New York Subway service is more inconsistent than it has been in years, the New York Times reports:
New York’s century-old subway is straining to handle nearly six million passengers each day — its greatest ridership since the 1940s and up from about four million in the 1990s. More than a third of subway delays are caused by overcrowding, which accounted for nearly 30,000 delays in November. As passengers jostle to get on and off, trains must sit longer in stations, leading to a cascade of delays along a line.
Aging subways in other cities, like London and Boston, are also struggling with overcrowding, and Tokyo famously uses staff to jam passengers onto crowded trains. It is difficult to compare performance among cities because systems measure it differently, but some newer subways are known for punctuality, including Hong Kong’s, which boasts that 99 percent of trains are on time.
The Times mentions a few fixes which could improve service, but although it references signal improvements, it doesn’t specifically identify the most obvious potential solution: installing Communications Based Train Control (CBTC). CBTC technology isn’t cheap, and it’s already in place on several lines, but it would allow the MTA to run trains closer together. On the old analog system (yes, you read that right; most of the current Subway uses physical switches), dispatchers don’t actually know exactly where trains are on the line. They only know which section of track a train has most recently passed over. That limits how often trains can run during rush hour. Additionally, switch failure is the number one cause of delays.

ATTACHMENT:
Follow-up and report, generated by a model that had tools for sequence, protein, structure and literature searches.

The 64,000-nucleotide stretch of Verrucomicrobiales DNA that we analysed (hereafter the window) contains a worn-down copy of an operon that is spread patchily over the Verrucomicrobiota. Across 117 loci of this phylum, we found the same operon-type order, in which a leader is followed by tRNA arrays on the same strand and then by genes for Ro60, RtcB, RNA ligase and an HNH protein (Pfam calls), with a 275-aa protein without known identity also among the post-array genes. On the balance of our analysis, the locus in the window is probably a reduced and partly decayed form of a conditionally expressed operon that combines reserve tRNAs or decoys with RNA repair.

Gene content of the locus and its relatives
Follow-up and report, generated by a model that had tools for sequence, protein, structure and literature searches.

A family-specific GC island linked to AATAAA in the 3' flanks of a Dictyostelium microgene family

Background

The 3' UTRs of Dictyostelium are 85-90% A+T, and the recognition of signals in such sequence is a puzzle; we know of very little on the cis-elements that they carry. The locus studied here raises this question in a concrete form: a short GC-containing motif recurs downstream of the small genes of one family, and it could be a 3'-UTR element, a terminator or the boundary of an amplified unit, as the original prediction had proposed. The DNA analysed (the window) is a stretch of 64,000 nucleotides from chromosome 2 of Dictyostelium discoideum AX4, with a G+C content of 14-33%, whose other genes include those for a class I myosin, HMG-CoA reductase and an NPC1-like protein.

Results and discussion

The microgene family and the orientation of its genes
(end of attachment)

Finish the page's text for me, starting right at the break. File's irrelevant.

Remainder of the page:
Advanced CBTC technology has been around since the 1990s, but MTA has been slow to adopt it. The reasons include significant and unavoidable costs and hassles. But one cause which goes unmentioned in the NYT is the power of public sector transit unions. Unions don’t like CBTC because it eliminates lots of jobs. For example, the teams of specialized technicians on staff to maintain the decrepit and ancient signal system wouldn’t have much to do if CBTC were adopted system-wide. And, because CBTC can enable fully-automated trains, conductors and engineers could be out of a job too. These potential savings on labor costs could make up for some of the cost of installing CBTC in just a few years. But due to union agreements with MTA, even lines that have CBTC installed and could run autonomously are required to be staffed by conductors and engineers—often two per train—who can make upwards of six figures by the end of their careers.
In the private sector, firms have taken advantage of technological advances to reduce labor costs. That has had some negative effects on employment and career opportunities for working class Americans, but it’s also helped bring costs down enormously across a variety of industries while simultaneously improving customer experiences. In part thanks to the power of public sector unions, government agencies haven’t delivered the efficiencies of the 21st century to their constituents. For savvy politicians, that leaves some low-hanging fruit. But the New York Times won’t tell you that.